For the past five years, ICAO — a specialized body of the United Nations with 191 member states — has been working with the aviation industry and other stakeholders to develop coordinated, international CO2 emissions standards for aircraft. EPA and the Federal Aviation Administration, representing the United States, are participating in ICAO’s process to ensure that any standards achieve meaningful CO2 emissions reductions through policies that are equitable across national boundaries.
The ICAO standards are expected to be adopted in early 2016. The items issued today by EPA lay the necessary foundation for the development and implementation of a domestic aircraft standard, in accordance with U.S. law and the ICAO process.
U.S. aircraft emit roughly 11 percent of GHG emissions from the U.S. transportation sector and 29 percent of GHG emissions from all aircraft globally. In 2009, EPA determined that GHG pollution from cars and light trucks threatens Americans' health and welfare by leading to long-lasting changes in our climate that can have a range of negative effects. Since then, the body of science on human-induced climate change has strengthened, supporting today’s proposed finding — under a different section of the Clean Air Act — that GHGs emitted from aircraft engines contribute to pollution that causes climate change endangering public health and welfare. Today’s action supports the goals of the President’s Climate Action Plan to reduce emissions from large sources of carbon pollution.
Today’s actions do not apply to small piston-engine planes (the type of plane often used for recreational purposes), or to military aircraft.
Once this action is published in the Federal Register, it will be open for a 60-day public comment period. Any future domestic actions toward aircraft engine standards would also be open to public comment and review before they could take effect.
For more information on the proposed contribution finding and the advance notice of proposed rulemaking, visit http://epa.gov/otaq/aviation.htm.
Obamacare health insurance policy rates to increase by 18-60% in 2016 (posted 6/3/15)
Health care insurance policy premium rates are expected to go up by as much as 60% in 2016, according to recent news reports.
In 2014, the average health insurance health care insurance premium rates for a 40-year old non-smoker ranged from $200/month to more than $600/month ($2,400 to $7,200/year), depending on state and individual plans.
The "Affordable Care Act" (ACA), commonly known as "Obamacare" for being President Obama’s signature legislation, went into effect in December, 2009.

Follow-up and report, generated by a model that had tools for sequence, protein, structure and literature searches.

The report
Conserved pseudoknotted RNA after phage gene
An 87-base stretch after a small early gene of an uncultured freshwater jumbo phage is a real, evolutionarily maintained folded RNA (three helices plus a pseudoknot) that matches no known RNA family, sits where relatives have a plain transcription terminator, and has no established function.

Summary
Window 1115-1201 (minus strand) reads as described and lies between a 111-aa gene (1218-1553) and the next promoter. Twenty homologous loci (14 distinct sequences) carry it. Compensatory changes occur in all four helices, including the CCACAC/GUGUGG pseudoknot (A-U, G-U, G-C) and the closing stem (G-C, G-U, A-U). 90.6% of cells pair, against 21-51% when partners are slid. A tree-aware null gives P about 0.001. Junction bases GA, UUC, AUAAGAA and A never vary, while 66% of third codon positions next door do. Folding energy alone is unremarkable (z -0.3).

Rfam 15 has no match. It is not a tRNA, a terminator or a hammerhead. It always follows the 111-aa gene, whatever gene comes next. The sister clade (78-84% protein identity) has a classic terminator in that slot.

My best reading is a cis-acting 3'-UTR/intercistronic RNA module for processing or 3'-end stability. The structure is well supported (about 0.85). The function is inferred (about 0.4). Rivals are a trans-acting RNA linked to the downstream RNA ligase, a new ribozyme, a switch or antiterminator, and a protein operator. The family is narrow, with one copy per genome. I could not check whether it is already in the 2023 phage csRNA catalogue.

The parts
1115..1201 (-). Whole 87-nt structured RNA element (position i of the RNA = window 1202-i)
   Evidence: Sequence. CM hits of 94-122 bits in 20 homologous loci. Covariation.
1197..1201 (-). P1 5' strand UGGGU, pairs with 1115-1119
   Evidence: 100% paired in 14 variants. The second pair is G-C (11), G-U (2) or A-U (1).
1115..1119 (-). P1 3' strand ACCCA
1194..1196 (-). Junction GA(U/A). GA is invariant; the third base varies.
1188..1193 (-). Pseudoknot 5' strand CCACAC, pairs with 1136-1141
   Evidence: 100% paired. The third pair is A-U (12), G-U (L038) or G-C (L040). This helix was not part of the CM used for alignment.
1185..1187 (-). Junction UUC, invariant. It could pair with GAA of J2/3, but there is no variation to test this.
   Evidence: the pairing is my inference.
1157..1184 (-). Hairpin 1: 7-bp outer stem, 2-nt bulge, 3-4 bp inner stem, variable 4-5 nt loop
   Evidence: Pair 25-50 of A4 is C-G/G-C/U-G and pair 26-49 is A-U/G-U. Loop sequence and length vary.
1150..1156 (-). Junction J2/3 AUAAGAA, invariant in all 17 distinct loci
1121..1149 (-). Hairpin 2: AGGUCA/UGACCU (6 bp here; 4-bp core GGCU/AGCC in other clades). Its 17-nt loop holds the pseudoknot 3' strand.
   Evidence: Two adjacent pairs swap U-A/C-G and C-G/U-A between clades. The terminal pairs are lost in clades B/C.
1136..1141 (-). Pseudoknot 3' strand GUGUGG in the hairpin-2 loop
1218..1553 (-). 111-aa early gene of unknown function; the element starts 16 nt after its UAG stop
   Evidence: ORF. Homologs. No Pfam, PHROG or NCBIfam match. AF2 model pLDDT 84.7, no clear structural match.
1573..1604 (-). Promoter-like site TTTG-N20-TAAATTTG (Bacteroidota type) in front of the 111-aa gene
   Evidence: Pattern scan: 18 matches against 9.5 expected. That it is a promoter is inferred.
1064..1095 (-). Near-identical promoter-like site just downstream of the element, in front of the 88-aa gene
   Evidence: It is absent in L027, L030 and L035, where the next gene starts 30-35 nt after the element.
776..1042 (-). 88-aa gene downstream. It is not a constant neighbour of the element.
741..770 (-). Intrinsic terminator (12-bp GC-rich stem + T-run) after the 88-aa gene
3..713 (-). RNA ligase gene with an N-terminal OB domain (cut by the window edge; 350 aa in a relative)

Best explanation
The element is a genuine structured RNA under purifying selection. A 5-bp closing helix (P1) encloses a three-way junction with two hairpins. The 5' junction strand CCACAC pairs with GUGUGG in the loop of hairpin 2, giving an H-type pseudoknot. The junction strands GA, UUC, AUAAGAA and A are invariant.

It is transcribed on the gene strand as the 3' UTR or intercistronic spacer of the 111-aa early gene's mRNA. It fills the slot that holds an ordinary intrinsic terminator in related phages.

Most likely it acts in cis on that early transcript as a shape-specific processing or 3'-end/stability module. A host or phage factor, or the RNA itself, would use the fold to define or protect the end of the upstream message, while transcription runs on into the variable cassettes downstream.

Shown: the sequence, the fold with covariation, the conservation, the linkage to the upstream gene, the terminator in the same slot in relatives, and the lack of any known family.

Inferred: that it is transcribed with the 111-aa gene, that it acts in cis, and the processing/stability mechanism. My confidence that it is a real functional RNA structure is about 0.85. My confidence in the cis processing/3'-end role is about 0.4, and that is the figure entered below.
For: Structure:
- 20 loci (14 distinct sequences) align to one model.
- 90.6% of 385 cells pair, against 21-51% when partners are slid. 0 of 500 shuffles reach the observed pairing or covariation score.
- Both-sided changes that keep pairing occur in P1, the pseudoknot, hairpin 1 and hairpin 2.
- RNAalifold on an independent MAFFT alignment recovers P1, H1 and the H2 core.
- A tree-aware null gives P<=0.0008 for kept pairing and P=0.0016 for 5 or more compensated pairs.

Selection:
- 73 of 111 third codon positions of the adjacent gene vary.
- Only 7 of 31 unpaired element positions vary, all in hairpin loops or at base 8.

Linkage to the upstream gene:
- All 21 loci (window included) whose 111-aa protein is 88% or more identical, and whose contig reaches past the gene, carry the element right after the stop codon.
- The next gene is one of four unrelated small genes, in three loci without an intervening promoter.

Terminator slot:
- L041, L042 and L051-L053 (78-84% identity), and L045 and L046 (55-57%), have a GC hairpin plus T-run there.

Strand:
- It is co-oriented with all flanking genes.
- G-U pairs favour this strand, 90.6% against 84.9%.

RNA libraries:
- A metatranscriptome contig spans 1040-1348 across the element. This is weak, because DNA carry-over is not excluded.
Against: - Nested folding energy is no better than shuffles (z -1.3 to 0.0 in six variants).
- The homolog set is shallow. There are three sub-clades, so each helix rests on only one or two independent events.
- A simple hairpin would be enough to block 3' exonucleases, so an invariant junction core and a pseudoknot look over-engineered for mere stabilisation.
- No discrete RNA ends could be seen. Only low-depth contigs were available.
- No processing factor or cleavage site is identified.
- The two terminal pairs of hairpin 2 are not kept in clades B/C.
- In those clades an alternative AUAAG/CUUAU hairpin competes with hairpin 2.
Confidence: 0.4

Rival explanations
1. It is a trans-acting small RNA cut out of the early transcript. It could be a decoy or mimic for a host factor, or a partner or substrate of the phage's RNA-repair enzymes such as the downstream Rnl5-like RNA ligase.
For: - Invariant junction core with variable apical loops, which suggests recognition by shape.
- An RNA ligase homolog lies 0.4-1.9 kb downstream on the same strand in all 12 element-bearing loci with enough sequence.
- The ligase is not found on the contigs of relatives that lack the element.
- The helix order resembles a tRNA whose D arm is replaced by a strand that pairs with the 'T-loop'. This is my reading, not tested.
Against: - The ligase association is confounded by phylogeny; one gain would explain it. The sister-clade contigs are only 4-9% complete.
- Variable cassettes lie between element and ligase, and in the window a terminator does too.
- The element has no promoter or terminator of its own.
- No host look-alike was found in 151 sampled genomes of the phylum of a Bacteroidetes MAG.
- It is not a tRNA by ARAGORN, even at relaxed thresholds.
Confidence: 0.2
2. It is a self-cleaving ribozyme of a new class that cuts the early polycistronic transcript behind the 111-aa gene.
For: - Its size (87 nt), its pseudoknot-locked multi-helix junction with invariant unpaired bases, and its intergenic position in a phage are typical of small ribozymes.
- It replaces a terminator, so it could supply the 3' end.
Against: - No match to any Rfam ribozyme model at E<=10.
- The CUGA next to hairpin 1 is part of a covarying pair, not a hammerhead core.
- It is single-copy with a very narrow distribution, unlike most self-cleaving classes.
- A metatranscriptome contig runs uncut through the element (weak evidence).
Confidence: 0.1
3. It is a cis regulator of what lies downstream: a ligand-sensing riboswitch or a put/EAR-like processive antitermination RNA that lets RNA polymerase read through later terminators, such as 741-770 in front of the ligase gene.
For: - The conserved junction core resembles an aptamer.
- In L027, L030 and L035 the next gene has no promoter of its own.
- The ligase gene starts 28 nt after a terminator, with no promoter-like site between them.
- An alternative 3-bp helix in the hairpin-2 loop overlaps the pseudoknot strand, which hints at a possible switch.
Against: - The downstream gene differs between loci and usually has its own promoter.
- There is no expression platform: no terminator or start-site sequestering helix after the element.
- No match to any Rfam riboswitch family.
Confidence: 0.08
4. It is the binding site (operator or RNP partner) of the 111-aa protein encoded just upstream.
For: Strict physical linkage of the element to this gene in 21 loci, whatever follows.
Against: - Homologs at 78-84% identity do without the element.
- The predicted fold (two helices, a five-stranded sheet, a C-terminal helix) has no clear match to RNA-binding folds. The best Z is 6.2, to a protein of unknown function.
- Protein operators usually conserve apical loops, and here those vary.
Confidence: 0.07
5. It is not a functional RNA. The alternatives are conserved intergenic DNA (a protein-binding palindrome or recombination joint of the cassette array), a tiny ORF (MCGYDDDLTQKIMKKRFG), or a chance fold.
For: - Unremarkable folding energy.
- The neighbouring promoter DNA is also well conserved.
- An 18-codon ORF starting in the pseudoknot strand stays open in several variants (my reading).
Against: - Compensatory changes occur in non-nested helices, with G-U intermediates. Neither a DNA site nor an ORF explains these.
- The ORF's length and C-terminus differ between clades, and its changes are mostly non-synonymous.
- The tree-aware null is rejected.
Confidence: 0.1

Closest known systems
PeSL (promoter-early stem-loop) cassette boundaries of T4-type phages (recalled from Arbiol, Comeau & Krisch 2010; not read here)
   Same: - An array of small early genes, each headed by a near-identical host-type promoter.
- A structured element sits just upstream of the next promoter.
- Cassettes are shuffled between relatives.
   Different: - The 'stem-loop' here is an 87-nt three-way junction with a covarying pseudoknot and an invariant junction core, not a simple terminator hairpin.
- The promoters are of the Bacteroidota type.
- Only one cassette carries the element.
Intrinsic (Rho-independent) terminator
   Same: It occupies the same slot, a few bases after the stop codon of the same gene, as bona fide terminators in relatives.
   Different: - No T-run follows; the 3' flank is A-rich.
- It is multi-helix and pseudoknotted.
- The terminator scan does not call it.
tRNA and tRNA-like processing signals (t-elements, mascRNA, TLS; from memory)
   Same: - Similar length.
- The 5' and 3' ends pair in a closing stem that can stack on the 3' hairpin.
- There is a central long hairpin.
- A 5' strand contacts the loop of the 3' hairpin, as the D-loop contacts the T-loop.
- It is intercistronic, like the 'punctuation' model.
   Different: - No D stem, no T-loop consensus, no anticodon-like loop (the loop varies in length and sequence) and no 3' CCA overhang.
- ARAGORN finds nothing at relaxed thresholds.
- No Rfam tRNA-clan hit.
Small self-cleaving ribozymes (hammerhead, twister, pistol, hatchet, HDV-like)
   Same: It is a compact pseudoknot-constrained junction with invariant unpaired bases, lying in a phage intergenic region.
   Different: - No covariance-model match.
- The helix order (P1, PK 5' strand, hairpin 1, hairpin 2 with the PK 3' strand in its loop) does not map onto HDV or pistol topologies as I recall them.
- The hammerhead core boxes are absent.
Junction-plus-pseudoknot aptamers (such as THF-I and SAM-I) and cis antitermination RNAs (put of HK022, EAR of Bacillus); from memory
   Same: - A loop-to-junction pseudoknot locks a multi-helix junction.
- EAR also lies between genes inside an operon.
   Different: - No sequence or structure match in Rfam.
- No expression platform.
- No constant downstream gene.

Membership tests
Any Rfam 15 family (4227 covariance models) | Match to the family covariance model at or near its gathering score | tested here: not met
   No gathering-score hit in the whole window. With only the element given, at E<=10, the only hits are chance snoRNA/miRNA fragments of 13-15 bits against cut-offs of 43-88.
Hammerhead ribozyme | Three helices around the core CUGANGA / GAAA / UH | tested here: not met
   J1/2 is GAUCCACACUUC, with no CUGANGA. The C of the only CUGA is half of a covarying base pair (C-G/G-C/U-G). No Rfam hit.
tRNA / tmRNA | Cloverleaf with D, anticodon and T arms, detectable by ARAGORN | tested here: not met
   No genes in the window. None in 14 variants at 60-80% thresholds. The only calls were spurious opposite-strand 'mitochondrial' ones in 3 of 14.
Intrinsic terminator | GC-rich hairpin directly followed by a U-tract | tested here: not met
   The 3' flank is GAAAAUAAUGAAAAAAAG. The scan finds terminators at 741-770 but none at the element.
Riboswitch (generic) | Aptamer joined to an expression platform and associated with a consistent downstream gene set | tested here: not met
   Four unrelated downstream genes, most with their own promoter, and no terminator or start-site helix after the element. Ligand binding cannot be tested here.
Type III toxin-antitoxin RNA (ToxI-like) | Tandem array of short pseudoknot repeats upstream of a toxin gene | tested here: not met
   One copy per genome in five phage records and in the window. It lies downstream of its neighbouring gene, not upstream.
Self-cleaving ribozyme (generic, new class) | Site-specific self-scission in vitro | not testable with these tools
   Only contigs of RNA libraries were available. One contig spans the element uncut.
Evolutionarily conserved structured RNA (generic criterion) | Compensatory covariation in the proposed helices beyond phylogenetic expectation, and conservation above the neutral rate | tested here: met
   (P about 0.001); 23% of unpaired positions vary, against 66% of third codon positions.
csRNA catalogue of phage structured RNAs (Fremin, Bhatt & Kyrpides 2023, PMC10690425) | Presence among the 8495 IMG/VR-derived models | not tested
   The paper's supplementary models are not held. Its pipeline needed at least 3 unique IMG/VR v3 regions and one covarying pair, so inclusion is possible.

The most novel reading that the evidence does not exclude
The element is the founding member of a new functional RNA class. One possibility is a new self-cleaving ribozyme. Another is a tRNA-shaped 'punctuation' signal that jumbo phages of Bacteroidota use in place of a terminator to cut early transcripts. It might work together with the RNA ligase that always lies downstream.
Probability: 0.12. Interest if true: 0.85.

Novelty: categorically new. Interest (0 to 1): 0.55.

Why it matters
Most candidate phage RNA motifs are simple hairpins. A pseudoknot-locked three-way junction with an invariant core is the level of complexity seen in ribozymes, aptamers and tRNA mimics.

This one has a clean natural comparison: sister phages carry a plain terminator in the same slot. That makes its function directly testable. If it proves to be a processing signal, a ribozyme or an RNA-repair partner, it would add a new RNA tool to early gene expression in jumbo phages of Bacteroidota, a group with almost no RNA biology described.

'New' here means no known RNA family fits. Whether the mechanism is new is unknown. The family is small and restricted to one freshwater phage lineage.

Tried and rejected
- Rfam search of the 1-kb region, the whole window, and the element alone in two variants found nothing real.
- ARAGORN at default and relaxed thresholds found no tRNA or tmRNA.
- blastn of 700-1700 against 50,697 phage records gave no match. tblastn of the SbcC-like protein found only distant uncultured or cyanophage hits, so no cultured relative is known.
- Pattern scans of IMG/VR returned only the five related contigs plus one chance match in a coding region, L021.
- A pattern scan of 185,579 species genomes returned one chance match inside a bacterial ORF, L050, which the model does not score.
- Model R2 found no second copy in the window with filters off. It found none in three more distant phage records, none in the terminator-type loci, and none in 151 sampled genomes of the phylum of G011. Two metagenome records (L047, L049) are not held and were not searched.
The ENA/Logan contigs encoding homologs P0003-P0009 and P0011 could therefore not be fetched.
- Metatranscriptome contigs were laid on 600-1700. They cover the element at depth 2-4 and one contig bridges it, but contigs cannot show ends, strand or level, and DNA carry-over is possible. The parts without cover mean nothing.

Obamacare sticker shock: Big rate hikes proposed for 2016 CNN
Health Insurance Premiums and Increases National Conference of State Legislatures
President Obama: ‘I will sign a universal health care bill into law by the end of my first term as president that will cover every American and cut the cost of a typical family's premium by up to $2,500 a year.’ YouTube video, 2009
President Obama: ‘If you like your health care plan, you can keep it’YouTube video
President Obama: Your Premiums Will Go Down Under Obamacare Politifact Truth-o-Meter
Health Care Insurance Premium Rate Review healthcare.gov
Barrasso, Lummis introduce Bill to increase water storage in Fontenelle Reservoir (posted 5/18/15)
Would expand water storage capability in southwest Wyoming
Wyoming delegation media release
WASHINGTON, D.C. – On Tuesday, May 12th, U.S. Senator John Barrasso and U.S. Representative Cynthia Lummis, both R-Wyo., introduced legislation to approve the expansion of water storage at the Bureau of Reclamation’s (BOR) Fontenelle Reservoir in Lincoln County, Wyoming.
"In Wyoming, farmers and ranchers need a reliable and plentiful supply of water in order to keep their livestock and crops healthy. After years of delay, this bill will finally help move the much needed Fontenelle Reservoir expansion project forward to allow Wyoming to continue to develop its water rights," said Barrasso. "More water storage capacity means more water for farmers, ranchers and local communities. It also provides an economic incentive for new businesses to grow and create jobs in southwestern Wyoming."
"Water is our most precious natural resource and this legislation will help Wyoming develop its water resources and enhance economic opportunities for southwestern Wyoming in the process," said Lummis. "Ranching in Wyoming all my life, I understand the need for water storage since we can’t depend solely on regular rainfall in our high plains desert state. Water storage and other water development projects are what make Wyoming and the arid west bloom, and this legislation will build on that success story with this common-sense, state-led fulfillment of Fontenelle’s storage potential."
The bill allows for the expansion of water storage at the Bureau of Reclamation’s (BOR) Fontenelle Reservoir in Lincoln County. This would be accomplished by completing the "rip rap" around the reservoir. A "rip rap" is a foundation or sustaining wall of stones or chunks of concrete connected together around the reservoir to prevent erosion.
The bill directs the State of Wyoming and the BOR to reach an agreement to allow Wyoming to complete the rip rap around the reservoir. The State of Wyoming would pay for the cost of completing this project. Wyoming would also have a right to the water that would be stored in the reservoir if the reservoir is completed by building the rip rap.
Despite multiple requests by the State of Wyoming in 2011 and 2014, the Bureau of Reclamation has not completed the needed National Environmental Policy Act (NEPA) compliance in order to move forward with the expansion of the Fontenelle Reservoir in Lincoln County.